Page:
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Editor’s Note: Arthur L. Caplan, Ph.D., is a professor and founding director of the Division of Medical Ethics at NYU Langone Medical Center. Peter Hotez, MD, Ph.D., is a professor of pediatrics and dean of the National School of Tropical Medicine at Baylor College of Medicine. He is the author of “Vaccines Did Not Cause Rachel’s Autism” (Johns Hopkins University Press). The views expressed in this commentary belong to the authors. View more opinion at CNN.

(CNN) —  

Only a few cancers can be eradicated around the world. Cervical cancer is one. We have the tools and technical expertise to eliminate cervical cancer in the United States, but we lack the leadership, drive and advocacy to make this happen. That must change.

Globally, cervical cancer is the fourth most common cancer among women. In 2018, more than 300,000 women died from cervical cancer, even though the disease is largely preventable. In 2019, the World Health Organization (WHO) took the bold and important step of drafting a comprehensive strategy to eliminate cervical cancer as a public health problem.

Why could they call for the elimination of a deadly cancer? Because vaccines for human papillomavirus (HPV), which causes cervical cancer, are readily available and effective. The HPV vaccine provides nearly 100% protection against infections with the two major strains of HPV that cause about 70% of cervical cancers, as well as several other types of throat, anal and other cancers.

To eliminate cervical cancer, the WHO proposes vaccinating 90% of girls under the age of 15 by the year 2030. The strategy involves implementing broader programs for cancer screening and treatment with the aim of eliminating cervical cancer as a public health issue.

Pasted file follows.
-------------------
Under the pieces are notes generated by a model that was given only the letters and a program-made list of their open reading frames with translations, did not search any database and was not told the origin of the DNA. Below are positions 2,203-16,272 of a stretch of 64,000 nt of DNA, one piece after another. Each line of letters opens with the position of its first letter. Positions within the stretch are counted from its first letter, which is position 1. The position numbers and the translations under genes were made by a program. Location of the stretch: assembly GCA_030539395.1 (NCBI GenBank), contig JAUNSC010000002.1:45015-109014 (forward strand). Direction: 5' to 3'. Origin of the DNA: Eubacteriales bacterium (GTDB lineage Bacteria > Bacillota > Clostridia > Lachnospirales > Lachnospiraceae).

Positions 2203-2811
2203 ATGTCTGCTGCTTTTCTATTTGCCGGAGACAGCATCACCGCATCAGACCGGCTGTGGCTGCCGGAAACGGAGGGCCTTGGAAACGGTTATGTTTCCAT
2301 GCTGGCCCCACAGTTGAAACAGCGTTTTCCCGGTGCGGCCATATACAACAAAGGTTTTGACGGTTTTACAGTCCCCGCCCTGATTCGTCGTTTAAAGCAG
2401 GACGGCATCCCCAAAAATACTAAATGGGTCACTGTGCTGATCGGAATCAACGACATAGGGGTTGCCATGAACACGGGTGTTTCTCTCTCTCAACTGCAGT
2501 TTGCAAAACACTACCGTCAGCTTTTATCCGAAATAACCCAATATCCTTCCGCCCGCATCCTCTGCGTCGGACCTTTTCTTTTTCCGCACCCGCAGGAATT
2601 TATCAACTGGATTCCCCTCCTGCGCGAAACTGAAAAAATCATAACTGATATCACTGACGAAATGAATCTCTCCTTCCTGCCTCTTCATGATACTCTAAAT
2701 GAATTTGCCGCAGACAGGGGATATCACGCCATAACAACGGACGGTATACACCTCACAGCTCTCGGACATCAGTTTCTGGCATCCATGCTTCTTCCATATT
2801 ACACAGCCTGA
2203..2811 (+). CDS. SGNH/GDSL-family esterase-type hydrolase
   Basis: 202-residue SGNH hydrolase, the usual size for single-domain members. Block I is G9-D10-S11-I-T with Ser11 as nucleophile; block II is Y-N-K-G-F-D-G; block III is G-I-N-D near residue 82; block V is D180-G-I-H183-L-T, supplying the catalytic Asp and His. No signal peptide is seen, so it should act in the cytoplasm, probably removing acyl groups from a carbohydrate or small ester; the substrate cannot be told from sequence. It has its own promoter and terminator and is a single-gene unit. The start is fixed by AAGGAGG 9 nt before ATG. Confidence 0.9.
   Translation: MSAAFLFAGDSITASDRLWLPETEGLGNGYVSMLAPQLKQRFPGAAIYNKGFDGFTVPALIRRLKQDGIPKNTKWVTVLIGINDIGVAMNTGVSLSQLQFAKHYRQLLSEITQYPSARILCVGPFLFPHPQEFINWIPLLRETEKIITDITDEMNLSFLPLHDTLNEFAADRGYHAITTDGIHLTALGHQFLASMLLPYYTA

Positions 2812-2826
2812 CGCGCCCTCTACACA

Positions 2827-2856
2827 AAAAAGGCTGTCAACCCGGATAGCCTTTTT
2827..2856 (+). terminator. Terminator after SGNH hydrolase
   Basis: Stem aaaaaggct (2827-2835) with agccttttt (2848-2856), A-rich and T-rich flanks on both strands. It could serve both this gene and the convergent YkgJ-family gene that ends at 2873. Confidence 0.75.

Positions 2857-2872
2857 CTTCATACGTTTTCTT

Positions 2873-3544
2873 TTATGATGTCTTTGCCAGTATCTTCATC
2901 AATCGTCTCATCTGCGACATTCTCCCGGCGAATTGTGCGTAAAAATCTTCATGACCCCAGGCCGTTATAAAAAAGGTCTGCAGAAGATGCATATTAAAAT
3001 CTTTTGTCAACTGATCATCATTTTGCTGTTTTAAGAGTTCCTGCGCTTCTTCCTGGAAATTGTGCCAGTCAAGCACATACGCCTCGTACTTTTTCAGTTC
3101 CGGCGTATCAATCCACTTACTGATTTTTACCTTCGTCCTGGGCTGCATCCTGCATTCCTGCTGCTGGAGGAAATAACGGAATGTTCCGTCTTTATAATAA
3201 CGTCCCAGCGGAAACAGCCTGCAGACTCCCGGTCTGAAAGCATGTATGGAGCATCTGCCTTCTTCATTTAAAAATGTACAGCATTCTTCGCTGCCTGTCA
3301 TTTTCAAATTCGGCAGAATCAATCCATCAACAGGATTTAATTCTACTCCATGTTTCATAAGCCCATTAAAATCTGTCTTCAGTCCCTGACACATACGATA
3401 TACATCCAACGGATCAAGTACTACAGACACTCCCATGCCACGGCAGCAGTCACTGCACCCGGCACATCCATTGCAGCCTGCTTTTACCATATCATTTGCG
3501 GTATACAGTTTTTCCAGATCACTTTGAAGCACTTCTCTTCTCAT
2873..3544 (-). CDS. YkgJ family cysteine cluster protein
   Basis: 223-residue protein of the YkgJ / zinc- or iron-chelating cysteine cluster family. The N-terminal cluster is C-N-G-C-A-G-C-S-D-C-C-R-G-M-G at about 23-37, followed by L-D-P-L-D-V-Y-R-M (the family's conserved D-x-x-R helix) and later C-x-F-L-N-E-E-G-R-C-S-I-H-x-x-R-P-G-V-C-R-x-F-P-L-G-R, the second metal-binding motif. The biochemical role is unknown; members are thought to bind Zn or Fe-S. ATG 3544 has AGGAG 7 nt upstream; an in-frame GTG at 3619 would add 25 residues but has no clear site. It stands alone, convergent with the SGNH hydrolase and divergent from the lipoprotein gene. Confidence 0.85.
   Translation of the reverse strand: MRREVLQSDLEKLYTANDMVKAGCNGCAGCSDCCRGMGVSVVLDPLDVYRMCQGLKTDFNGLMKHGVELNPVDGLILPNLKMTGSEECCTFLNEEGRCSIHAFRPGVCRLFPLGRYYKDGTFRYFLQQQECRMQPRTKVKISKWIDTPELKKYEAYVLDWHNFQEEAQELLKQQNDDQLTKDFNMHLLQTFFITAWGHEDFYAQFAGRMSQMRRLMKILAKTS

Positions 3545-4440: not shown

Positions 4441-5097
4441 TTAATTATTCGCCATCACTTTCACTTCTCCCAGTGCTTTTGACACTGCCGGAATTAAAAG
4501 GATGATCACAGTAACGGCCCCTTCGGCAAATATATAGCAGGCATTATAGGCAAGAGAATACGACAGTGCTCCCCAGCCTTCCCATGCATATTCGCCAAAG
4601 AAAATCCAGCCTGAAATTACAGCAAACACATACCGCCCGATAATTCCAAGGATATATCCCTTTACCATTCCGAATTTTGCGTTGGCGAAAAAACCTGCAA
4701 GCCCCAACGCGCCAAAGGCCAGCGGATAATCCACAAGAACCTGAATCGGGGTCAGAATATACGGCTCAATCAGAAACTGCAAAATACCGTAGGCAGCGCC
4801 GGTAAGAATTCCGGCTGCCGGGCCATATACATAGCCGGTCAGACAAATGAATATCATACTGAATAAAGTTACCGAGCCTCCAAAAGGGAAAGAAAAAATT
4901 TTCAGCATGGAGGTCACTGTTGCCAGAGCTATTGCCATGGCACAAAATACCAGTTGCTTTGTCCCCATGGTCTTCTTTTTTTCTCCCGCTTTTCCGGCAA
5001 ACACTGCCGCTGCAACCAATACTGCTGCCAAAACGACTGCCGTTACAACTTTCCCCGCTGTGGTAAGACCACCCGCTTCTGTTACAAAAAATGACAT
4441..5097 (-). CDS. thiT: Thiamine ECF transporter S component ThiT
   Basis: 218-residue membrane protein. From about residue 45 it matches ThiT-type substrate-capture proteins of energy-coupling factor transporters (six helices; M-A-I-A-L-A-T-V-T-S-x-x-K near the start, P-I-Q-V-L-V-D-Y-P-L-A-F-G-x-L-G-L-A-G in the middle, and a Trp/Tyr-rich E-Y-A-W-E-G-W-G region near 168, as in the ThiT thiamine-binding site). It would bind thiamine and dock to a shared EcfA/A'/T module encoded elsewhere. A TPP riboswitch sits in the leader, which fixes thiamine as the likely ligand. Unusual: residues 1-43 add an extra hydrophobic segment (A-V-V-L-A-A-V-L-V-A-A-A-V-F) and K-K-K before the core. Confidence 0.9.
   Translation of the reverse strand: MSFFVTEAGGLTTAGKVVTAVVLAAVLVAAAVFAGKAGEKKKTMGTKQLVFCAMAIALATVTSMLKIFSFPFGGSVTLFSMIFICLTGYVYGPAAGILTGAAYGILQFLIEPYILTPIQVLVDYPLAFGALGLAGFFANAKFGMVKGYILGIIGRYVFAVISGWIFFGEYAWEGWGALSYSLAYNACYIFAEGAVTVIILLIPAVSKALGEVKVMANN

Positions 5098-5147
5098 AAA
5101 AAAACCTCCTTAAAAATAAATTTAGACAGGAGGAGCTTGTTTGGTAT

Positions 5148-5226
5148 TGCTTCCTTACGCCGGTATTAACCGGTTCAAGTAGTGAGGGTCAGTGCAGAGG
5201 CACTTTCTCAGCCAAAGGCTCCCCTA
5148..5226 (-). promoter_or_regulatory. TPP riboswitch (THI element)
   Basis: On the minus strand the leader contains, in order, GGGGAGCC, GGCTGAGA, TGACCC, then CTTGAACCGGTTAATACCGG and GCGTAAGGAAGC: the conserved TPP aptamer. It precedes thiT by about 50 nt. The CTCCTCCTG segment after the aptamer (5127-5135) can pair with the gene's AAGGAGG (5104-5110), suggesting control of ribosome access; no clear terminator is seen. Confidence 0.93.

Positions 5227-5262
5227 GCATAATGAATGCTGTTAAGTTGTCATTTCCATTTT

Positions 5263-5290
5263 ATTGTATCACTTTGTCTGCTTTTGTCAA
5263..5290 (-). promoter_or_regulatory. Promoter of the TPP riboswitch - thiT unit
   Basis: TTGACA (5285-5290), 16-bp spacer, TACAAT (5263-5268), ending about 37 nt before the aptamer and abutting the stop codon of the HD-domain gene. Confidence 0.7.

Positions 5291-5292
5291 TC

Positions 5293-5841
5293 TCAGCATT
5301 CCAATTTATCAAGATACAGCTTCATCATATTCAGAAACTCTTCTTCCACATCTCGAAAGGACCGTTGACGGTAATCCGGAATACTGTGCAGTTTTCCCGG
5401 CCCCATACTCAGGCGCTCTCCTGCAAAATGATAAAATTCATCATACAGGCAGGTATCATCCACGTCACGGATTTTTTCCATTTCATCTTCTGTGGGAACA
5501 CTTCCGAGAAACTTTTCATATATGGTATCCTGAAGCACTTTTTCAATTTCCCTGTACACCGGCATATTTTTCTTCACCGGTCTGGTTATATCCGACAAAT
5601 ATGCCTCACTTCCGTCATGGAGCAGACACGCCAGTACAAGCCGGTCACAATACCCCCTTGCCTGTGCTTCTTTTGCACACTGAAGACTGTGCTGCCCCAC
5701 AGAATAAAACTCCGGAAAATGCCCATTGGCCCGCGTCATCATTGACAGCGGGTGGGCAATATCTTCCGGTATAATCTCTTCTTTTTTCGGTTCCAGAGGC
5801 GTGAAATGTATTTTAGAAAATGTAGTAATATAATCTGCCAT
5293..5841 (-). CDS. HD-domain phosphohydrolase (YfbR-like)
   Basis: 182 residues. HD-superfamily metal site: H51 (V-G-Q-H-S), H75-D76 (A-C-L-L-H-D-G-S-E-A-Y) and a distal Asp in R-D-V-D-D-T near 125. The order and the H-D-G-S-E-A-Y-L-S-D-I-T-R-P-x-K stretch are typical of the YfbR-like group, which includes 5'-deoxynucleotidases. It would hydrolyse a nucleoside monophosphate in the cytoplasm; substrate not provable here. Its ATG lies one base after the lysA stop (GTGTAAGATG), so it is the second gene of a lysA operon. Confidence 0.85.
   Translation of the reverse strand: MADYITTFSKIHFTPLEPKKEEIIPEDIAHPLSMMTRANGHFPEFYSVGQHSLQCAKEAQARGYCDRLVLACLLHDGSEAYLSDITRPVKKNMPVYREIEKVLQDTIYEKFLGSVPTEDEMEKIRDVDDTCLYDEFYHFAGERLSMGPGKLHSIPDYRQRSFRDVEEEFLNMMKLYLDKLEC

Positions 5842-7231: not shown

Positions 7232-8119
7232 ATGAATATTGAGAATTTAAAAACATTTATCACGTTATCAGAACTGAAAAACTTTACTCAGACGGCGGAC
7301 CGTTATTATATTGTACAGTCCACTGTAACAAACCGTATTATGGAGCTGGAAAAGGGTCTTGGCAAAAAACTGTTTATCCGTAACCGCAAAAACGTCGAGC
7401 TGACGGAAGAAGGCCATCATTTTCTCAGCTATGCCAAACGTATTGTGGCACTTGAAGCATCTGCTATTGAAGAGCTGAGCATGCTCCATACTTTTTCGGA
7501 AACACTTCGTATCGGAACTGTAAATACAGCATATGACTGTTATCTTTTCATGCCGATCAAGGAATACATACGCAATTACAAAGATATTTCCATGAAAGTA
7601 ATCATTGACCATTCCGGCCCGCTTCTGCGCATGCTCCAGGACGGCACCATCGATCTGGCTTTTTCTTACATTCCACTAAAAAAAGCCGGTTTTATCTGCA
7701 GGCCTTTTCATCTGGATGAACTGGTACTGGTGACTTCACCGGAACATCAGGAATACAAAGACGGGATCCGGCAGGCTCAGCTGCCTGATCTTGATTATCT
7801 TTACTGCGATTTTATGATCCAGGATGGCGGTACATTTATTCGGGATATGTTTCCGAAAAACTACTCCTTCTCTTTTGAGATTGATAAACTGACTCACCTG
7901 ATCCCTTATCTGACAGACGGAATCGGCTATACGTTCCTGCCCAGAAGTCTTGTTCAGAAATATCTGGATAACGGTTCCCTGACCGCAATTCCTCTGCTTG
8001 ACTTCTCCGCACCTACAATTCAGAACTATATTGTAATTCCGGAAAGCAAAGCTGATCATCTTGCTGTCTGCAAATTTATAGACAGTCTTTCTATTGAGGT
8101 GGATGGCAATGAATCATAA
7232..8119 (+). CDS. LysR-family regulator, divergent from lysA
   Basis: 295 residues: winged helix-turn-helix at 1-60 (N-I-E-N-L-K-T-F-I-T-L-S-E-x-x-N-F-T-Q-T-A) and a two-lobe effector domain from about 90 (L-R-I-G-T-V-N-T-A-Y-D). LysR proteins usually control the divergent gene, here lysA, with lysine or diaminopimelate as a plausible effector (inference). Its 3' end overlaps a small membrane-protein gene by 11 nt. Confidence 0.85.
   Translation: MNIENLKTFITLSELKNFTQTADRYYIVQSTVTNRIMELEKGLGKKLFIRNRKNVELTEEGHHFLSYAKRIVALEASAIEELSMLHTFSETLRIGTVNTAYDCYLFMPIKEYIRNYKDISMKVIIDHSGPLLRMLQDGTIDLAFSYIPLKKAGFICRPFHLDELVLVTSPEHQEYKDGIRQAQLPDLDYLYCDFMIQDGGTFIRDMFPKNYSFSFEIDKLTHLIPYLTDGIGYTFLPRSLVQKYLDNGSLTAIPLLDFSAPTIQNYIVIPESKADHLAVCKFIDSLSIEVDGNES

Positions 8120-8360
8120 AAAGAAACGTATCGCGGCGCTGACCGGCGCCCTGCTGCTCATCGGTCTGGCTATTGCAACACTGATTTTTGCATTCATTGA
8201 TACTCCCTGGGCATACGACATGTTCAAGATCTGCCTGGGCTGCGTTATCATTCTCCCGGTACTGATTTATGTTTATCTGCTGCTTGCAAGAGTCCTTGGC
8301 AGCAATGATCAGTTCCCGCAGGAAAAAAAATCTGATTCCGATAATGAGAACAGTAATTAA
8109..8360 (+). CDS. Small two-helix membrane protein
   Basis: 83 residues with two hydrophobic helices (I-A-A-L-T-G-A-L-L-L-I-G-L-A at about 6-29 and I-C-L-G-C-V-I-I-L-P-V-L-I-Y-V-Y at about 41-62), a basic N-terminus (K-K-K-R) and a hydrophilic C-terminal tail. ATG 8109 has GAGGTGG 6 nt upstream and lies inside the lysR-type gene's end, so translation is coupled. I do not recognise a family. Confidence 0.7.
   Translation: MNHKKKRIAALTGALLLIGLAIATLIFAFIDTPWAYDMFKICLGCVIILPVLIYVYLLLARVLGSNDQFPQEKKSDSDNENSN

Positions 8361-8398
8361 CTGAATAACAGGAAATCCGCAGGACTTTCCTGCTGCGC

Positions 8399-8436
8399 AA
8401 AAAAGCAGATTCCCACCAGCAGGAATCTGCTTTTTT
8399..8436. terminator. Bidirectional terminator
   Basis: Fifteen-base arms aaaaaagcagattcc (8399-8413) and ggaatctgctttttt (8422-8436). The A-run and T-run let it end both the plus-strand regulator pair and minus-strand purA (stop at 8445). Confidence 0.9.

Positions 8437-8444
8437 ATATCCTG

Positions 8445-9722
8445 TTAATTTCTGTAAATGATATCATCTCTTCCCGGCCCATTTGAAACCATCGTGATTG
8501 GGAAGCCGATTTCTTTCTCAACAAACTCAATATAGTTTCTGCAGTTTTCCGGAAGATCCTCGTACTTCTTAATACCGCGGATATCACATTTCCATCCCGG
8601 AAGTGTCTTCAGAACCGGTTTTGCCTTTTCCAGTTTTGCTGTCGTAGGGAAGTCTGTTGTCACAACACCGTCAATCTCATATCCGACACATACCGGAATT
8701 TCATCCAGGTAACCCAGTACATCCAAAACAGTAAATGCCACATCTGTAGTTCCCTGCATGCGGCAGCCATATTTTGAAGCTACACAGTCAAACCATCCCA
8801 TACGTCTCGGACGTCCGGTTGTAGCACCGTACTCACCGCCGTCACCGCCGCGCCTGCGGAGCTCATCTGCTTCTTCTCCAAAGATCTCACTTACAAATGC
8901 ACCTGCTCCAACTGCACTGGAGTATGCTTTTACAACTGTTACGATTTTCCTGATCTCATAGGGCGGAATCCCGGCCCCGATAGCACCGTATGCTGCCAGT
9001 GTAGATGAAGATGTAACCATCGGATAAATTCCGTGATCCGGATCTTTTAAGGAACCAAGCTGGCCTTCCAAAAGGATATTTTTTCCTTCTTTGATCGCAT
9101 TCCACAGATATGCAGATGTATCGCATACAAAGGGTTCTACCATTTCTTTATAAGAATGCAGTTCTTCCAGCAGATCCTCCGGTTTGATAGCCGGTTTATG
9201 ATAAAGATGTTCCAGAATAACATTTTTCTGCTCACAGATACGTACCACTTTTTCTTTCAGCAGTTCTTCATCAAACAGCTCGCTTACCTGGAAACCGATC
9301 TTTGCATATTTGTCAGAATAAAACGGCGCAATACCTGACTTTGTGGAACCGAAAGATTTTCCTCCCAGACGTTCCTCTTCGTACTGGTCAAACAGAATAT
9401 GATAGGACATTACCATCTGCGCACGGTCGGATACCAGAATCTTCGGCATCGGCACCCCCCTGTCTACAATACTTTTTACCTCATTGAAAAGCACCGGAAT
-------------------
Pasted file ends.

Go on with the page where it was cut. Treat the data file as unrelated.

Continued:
Some countries are already ahead of the WHO recommendations. Australia was an early adopter of the HPV vaccine. It became one of the first countries to launch a national and publicly funded HPV vaccination program in 2007 and later organized a detailed program for cervical cancer screening. A group of scientists and cancer experts now predict that Australia will eliminate cervical cancer by 2028. Rwanda, which has achieved high HPV vaccination rates for girls, is another success story.

Sadly, the United States lags far behind these two countries. According to estimates from the American Cancer Society, more than 13,000 new cases of cervical cancer will be diagnosed in 2019, and more than 4,000 women will die from it.

There are two major reasons for the numbers of cervical cancer deaths among American women. First, as many as 8 million American women are not getting screening tests for cervical cancer, which are crucial for early detection and treatment.

Secondly, more teenagers in our country should be vaccinated against HPV. The CDC recommends all boys and girls be vaccinated at the age of 11 or 12, but, only 16% of US adolescents completed HPV vaccinations before 13, and 35% completed it before turning 15, according to the Journal of Infectious Diseases.

In Kentucky and Mississippi, only about half of adolescents between the ages of 13 and 17 received the HPV vaccine. These numbers are only slightly better in states like Texas, Oklahoma, Kansas, and Missouri.

What has gone wrong? For one, adolescents and their families living in many rural areas of the country lack easy access to HPV vaccine. Some erroneously link the vaccine to promiscuity since HPV is sexually transmitted, and vaccine coverage is low in states considered conservative or highly religious. A third and a key reason is an aggressive antivaccine misinformation campaign that specifically targets the HPV vaccine.

Antivaccine groups falsely claim that the HPV vaccine causes autoimmune diseases and other chronic conditions, infertility, or even that it can cause teenage depression or suicide. There is no scientific evidence for such assertions. These phony worries are not tolerated in Australia, Scotland, or any other place on Earth trying hard to get rid of cervical cancer. Yet they are widely made on antivaccine websites and pseudoscientific books available on Amazon.

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The United States can and should achieve the targets set by the WHO. Our public health and elected leaders need to articulate a clear goal of advancing towards eliminating cervical cancer in America by the year 2030. This is feasible, but it means improving teenage access to the HPV vaccine while standing up to an aggressive antivaccine lobby.

There is no excuse for continuing to condemn a generation of girls and women to cervical cancer and cancer deaths. Eliminating cervical cancer can be done. We owe it to our children to do it.